The demand for beef in Russia is soaring, but trade and health restrictions are constantly curbing imports of frozen beef from the United States. To work around the problem, American beef ranchers are providing Russian markets with beef that is ultra-fresh -- it's still mooing.
As reported this past week in The New York Times, American beef ranchers have been meeting high demand for their prized Angus and Hereford heritage brands by sending breeding bulls and heifers on exotic international journeys from ranches in the Midwest to places like Russia.
Beside sending stud bulls, ranchers can ship embryos. The Times also cites the example of Darrell Stevenson, a Montana commercial rancher who opened a ranch south of Moscow by importing 1,400 pregnant cows from the United States.
The unconventional techniques respond to the constant trade and health-related blocks on import being bandied about by the Russian government. Just last month, Russian authorities tightened restrictions on imported U.S. beef after saying they'd found E. Coli in beef bought from Kansas-based Tyson Fresh Farms. In that instance, and during another import ban set on Brazilian meat back in June, officials cited sanitary concerns but did not provide supporting documentation.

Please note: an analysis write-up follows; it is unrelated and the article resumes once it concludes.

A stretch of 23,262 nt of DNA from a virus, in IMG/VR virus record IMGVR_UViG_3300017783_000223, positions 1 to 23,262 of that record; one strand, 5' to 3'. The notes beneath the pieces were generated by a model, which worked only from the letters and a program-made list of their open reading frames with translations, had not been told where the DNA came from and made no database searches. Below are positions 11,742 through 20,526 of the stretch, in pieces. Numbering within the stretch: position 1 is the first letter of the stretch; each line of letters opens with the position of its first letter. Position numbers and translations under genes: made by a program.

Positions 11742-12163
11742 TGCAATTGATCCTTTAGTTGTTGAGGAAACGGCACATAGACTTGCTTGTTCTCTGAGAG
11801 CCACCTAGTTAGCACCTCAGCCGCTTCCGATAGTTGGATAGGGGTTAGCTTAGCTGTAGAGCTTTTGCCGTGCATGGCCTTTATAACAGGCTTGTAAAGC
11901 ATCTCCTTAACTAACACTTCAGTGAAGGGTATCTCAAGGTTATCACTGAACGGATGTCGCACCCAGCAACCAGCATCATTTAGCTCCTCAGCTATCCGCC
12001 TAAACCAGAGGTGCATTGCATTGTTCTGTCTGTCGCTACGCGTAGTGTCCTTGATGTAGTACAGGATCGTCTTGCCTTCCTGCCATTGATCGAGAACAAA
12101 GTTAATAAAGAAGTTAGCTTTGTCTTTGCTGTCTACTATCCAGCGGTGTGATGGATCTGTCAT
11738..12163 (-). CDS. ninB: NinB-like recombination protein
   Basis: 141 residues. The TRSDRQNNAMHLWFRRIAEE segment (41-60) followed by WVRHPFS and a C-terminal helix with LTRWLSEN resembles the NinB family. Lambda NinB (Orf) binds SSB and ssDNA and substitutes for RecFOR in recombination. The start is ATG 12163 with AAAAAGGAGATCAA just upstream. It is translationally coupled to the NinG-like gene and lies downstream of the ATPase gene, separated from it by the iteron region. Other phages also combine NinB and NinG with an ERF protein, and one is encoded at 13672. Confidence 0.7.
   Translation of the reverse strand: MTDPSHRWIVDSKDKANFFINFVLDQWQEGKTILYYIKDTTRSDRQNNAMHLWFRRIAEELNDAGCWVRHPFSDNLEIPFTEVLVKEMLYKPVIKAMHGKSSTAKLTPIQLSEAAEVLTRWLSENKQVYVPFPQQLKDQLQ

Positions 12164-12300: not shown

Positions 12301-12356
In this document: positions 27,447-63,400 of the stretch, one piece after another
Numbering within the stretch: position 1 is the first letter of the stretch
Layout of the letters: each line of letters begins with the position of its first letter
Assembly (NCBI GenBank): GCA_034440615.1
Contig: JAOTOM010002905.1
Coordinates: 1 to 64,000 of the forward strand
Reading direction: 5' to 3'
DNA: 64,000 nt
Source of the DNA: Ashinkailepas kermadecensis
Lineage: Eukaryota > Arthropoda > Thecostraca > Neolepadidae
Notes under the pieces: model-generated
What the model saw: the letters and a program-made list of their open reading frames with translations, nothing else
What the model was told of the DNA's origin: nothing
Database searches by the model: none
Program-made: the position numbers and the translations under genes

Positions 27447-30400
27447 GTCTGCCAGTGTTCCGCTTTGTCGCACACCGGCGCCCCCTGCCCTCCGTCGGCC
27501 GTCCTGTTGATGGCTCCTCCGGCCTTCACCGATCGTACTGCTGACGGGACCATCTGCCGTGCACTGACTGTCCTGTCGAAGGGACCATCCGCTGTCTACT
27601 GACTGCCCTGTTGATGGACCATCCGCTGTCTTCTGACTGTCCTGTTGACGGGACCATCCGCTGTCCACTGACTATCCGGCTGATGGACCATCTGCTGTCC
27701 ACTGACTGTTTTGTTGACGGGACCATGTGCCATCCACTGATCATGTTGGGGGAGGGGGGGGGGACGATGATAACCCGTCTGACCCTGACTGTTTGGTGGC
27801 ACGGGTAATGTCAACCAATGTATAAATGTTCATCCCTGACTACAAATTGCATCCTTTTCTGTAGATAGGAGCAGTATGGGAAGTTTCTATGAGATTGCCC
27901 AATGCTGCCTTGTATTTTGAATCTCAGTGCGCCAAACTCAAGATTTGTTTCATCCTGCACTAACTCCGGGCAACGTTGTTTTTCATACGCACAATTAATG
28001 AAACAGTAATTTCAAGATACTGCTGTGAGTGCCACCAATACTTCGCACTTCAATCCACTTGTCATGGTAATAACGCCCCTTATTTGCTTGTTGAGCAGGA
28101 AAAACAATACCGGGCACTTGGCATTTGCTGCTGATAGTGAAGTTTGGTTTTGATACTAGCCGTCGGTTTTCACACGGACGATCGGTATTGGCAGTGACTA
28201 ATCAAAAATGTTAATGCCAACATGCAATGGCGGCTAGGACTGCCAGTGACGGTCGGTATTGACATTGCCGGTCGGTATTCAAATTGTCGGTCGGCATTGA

On the other hand, Russia is an extremely attractive market for beef exporters. Meat and Livestock Australia, an Australian trade association, reports beef imports from all sources jumped by five percent between August 2010 and 2011, when compared to the same period in the previous year.